A male friend of mine got drunk recently and confided in me.
"Sometimes," he said sadly, "I feel like nobody else feels the things I feel."
As the man I mention is in his twenties, I found it difficult to process he could think that way. Was he really, in his mind, the first human being in the modern world to feel anxious, alienated and hopeless?
How could he possibly have believed that?
But then it dawned on me. If he never normally opened up about his emotions - or expressed himself in a healthy, sober manner - when did he have the opportunity to connect with others on an empathic level? Or to seek reassurance that his darker thought processes were normal?
Men's emotions have been a tetchy subject for centuries. Not since the Romantic Era have blokes had the luxury of publicly indulging in their innermost feelings. Alas, if the likes of Lord Byron and William Blake were teenagers today in a London state school, they would probably have 'Bender', 'Fag' and 'Pussy' cruelly scrawled across their lockers.
This is, of course, a huge problem. And as the way we treat femininity takes a resoundingly positive turn, it's becoming increasingly obvious that empowering narratives aren't just something women need - men do too.
It's an exciting, encouraging time to be a woman. National newspapers are no longer complete without 'Femail' and 'Wonder Women' sections. Social media boosts morale with #thisgirlcan, #realbeauty and #womeninscience. At the first whiff of female denigration, my sistahs rally forth with enough sassy 21st century confidence to inspire a two-disc Beyoncé album (in your face, Tim Hunt).
But as women rise higher and higher up the gender empowerment tower, men appear to be descending.
Katie Glass, in her recent Sunday Times column, delivered some eye-opening facts:
"At school, millennial boys have fallen behind their female contemporaries. Girls now significantly outperform boys in GCSEs and A-levels. This September, fewer boys will start university. At work, men face higher unemployment and earn less than women in their twenties."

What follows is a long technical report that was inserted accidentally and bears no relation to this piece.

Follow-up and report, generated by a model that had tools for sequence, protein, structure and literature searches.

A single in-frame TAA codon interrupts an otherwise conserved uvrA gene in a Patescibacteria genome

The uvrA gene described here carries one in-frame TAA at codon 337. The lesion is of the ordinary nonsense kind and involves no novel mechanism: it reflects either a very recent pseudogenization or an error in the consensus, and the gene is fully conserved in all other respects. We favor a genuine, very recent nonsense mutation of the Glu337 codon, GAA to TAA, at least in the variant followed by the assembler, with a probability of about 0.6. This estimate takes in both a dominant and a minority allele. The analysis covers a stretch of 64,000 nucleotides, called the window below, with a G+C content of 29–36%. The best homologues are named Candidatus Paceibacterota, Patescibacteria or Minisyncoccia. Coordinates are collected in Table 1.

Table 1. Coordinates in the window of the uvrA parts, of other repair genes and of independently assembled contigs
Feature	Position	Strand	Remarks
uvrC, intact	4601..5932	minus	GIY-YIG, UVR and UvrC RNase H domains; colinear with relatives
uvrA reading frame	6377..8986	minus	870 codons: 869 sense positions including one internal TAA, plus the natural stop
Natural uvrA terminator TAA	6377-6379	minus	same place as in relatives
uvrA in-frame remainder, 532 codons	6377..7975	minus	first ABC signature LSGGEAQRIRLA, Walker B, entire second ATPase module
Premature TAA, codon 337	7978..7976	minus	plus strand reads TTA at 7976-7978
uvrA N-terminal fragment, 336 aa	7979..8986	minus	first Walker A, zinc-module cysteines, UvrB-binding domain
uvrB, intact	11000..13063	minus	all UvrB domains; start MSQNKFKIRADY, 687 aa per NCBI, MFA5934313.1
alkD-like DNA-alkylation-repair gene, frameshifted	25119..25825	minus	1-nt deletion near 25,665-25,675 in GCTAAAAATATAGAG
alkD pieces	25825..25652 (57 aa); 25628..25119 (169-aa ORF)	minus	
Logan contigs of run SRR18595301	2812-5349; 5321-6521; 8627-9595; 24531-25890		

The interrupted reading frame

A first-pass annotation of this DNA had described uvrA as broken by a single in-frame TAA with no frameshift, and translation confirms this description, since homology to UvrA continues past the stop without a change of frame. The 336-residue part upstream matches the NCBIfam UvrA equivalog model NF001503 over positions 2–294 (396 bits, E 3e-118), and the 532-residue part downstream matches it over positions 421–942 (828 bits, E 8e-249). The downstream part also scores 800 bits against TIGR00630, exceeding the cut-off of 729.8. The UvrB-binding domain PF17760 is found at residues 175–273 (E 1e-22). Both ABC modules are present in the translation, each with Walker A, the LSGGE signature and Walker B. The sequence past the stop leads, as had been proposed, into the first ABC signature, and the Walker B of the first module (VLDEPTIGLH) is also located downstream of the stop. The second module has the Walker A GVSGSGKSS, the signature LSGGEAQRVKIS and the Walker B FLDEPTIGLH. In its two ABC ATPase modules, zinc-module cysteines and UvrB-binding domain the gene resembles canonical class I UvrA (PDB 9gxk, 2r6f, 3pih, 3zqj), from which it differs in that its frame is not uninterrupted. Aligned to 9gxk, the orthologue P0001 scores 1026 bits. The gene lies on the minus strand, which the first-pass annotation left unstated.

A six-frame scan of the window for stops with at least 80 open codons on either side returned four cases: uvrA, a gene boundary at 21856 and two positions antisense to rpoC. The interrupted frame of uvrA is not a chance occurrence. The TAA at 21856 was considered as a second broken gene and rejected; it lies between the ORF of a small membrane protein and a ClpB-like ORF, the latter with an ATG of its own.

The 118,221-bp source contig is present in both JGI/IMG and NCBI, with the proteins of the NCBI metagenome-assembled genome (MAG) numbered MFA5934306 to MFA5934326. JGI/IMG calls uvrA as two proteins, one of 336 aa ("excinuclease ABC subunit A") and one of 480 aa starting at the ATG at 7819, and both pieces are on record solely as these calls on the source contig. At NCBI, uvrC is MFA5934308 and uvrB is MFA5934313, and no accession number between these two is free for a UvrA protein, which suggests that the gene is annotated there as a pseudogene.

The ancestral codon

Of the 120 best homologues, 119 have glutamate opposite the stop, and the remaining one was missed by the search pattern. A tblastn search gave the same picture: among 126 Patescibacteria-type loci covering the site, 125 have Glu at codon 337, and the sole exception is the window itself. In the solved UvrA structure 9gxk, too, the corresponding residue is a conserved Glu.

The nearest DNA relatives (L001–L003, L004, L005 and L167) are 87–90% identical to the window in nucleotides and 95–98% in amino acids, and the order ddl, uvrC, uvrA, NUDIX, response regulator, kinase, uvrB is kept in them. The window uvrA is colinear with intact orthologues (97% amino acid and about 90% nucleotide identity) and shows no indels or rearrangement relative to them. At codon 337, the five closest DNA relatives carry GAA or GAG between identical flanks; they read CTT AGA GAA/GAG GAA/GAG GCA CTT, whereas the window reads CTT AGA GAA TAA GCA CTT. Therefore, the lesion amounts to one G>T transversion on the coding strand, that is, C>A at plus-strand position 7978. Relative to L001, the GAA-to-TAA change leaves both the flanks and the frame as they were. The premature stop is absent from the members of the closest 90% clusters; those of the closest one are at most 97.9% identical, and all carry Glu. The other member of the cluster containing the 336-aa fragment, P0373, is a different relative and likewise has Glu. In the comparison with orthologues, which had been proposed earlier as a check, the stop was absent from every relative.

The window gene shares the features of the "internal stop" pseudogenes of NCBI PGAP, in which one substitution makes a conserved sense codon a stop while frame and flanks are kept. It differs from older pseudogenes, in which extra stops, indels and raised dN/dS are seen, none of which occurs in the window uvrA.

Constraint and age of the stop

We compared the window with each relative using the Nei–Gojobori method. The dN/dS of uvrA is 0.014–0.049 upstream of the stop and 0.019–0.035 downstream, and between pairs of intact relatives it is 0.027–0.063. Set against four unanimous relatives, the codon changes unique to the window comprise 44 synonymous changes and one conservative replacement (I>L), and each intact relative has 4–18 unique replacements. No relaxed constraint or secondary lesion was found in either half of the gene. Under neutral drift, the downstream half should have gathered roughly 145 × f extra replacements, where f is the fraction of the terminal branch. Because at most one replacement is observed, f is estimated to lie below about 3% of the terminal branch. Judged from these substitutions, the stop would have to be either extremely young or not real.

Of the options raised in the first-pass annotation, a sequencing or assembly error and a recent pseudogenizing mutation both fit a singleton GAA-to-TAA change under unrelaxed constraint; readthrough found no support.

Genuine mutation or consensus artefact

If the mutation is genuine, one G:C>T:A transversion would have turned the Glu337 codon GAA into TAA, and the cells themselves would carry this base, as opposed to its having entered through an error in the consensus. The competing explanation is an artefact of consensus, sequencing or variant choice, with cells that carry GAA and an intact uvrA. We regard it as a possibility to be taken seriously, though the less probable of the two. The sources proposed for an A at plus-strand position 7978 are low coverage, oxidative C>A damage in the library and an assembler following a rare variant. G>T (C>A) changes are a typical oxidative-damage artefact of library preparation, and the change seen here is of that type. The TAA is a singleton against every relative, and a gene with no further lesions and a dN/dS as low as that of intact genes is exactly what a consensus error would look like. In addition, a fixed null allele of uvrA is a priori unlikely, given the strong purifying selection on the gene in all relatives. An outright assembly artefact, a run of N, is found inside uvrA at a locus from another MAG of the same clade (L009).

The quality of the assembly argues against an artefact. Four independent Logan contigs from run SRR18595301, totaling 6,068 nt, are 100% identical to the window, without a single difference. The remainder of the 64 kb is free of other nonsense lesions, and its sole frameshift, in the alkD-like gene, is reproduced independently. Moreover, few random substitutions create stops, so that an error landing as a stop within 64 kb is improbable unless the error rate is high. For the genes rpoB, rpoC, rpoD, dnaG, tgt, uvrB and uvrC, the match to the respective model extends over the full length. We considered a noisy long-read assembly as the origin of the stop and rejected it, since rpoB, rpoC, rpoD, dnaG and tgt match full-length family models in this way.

This leads us to an even more alarming statistic: suicide is currently the biggest killer of men under 35 in Britain.
Instead of 'you go, girl', boys are offered critical mantras like 'man up' and 'grow a pair'. Quite clearly, it's not doing them any favours.
The phrase 'man up' has been flagged as a serious trigger for insecurity and shame, by inferring a rigid construct for masculinity. Jonathan Wells, in his July column for The Telegraph, suggested it could be the most destructive phrase in modern culture:
"Emotions are repressed, budding interests quashed and steps taken to set ourselves on the path to emotional illiteracy. These are the unforeseen consequences of being told to "man up". And they influence and affect us throughout our entire lives."
Unsympathetic expectations of men are likely to stem from the deep-rooted perception that they are generally better at dealing with emotions than women, or that they have a more manageable emotional range. But according to a TED talk on PMS by Robyn Stein de Luca, there is no significant distinction between male and female emotion.
"Psychologists know that the moods of men and women are more similar than different. One study followed men and women for six months and found that the number of mood swings they experienced, and the severity of those mood swings, were no different."
As similar as we are, we could be in danger of ending up on a never-ending seesaw of male/female empowerment. But liberating one gender does not mean that the other has to suffer. Toing and froing between each camp's defence is an inevitable teething stage as we create new schools of thought for how we approach gender, but the end goal should ultimately be equality.
Overall let's aim to have fewer blokes, like my friend, feeling abnormal for experiencing everyday human emotions. Because as isolated as he may feel, the worrying fact is: he is not alone.